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B.C. killer seeks to attend sentencing by video as lawyer cites safety concerns

A sketch shows Ibrahim Ali as he stands trial for the first-degree murder of a 13-year-old girl. The trial began on April 5, 2023. A sketch shows Ibrahim Ali as he stands trial for the first-degree murder of a 13-year-old girl. The trial began on April 5, 2023.

A man convicted of the first-degree murder of a 13-year-old girl wants to appear at his sentencing hearing by video over fear for his safety, his lawyer told a B.C. Supreme Court hearing on Tuesday.

Kevin McCollough said Ibrahim Ali's attendance in person would pose “real safety issues” and the defence is prepared to file additional affidavits to support their position.

Ali's defence previously told the court that police informed them the victim's father brought a gun to court on the day of the guilty verdict last December.

While no charges were laid, the father of the girl was issued a five-year weapons ban in a Surrey court this month after two licensed guns were seized from his home.

McCullough told Tuesday's hearing that if Ali is compelled to attend the upcoming sentencing in person, he will attend remotely.

“If Mr. Ali is going to be present, I'm certainly not going to be (caught) in the gunfire,” he said. “I'm not going to be present. There are material safety issues.”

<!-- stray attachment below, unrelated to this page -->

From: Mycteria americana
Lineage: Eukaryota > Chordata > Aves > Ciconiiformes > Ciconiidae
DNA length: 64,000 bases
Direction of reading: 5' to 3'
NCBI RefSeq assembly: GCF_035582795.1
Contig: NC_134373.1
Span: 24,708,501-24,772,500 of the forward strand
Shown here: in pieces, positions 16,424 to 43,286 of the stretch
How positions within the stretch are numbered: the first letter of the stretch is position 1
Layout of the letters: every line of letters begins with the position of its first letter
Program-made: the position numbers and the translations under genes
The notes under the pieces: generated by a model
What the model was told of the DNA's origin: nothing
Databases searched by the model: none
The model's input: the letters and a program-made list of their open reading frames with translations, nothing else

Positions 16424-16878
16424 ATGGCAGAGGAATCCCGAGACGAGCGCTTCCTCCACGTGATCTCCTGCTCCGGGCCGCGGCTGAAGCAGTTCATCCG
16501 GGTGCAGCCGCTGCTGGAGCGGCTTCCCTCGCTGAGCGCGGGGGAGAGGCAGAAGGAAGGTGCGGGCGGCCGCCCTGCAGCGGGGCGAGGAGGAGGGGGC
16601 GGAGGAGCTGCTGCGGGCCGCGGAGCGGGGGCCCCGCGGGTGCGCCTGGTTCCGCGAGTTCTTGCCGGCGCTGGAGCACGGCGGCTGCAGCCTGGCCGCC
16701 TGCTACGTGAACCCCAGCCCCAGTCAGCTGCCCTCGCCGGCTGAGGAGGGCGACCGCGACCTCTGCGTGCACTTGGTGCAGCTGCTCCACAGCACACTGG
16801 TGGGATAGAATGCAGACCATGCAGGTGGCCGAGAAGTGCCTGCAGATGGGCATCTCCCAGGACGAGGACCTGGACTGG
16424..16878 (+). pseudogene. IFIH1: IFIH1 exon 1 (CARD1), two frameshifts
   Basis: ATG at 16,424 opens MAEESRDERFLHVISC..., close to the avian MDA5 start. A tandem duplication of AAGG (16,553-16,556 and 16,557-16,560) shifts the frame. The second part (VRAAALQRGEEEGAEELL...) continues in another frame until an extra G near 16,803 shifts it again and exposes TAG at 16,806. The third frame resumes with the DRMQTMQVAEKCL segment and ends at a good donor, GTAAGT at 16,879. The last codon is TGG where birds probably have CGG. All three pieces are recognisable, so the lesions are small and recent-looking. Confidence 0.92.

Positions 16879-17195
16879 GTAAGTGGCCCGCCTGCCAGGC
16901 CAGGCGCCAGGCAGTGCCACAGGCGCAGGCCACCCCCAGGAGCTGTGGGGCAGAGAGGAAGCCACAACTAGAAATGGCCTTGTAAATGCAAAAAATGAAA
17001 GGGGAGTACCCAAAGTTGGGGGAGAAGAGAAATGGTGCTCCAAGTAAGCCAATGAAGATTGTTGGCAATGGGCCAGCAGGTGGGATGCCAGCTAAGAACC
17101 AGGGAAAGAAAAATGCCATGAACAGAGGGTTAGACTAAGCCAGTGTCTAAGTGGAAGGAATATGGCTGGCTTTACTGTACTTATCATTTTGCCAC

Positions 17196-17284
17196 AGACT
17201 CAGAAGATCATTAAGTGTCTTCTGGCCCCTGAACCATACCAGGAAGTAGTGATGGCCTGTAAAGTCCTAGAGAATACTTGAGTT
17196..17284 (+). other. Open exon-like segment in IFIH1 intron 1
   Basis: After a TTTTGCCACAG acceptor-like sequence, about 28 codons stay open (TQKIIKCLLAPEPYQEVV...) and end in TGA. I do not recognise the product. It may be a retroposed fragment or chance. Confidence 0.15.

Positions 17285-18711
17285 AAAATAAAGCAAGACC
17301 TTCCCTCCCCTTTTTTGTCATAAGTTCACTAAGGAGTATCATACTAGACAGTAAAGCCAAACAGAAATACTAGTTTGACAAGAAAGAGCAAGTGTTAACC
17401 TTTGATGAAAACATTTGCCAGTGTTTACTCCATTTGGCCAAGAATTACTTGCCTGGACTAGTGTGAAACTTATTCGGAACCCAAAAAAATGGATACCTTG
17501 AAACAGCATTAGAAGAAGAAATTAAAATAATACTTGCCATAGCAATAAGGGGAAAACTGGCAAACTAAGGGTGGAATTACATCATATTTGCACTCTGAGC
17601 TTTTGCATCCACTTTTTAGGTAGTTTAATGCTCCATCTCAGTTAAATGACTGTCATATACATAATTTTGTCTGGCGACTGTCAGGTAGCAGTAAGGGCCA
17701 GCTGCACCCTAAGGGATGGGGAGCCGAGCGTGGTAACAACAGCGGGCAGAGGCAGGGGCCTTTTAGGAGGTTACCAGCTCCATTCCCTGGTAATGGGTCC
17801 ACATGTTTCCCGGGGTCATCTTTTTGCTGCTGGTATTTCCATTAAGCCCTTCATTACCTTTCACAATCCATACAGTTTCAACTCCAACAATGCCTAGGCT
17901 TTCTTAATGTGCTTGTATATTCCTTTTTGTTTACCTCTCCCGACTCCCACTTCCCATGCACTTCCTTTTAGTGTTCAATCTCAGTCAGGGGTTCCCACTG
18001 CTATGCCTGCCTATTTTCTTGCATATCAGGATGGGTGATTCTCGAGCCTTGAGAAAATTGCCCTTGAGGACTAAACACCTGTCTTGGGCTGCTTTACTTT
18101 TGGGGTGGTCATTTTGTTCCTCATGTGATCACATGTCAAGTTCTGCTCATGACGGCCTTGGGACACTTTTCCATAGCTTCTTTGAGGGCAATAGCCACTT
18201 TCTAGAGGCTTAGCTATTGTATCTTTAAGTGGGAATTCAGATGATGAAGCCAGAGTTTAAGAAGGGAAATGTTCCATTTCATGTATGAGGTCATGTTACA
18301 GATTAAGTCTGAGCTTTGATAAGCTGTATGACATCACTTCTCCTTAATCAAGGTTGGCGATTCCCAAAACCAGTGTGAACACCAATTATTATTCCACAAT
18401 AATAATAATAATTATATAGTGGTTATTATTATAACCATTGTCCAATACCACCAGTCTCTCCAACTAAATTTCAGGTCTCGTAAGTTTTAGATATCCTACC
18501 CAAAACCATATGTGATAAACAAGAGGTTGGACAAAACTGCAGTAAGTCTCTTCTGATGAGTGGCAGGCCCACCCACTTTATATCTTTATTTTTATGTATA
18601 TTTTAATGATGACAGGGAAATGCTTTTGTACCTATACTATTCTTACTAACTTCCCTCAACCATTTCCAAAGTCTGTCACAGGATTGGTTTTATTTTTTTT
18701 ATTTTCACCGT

McCullough told Justice Lance Bernard that he “cannot believe” the Crown's position that Ali must attend in person, given what has occurred.

“This is not a safe environment for me,” he said of the courthouse in Vancouver.

The judge told the defence lawyer to stop speaking, saying the court would deal with the matter of Ali's sentencing appearance at a later date.

The body of the girl - whose name is protected by a publication ban - was found in Burnaby's Central Park in July 2017 and Ali was arrested the next year.

A jury took less than 24 hours to reach its guilty verdict at the end of the eight-month trial last December.

Ali faces a mandatory life term with no chance of parole for 25 years.

McCullough said Tuesday that Ali is “adamant that he is innocent.”

“He is adamant that he didn't kill (the victim), and I expect he will be saying that repeatedly in an open courtroom if he were obliged to come.”

Prosecutor Isobel Keeley said the Crown is opposed to Ali attending his sentencing remotely, and the Criminal Code indicates such an appearance should be in person unless the defence and Crown agree on an alternative with the court's approval.

She said members of the murdered girl's family will be travelling from China to attend, and she expects they will deliver three separate victim impact statements.

One of those will be a video from the victim's father reading his statement in Mandarin, with a translated copy to be read aloud in English, Keeley said.

Another hearing is scheduled Friday to confirm sentencing dates..

This report by The Canadian Press was first published April 16, 2024. Top Stories

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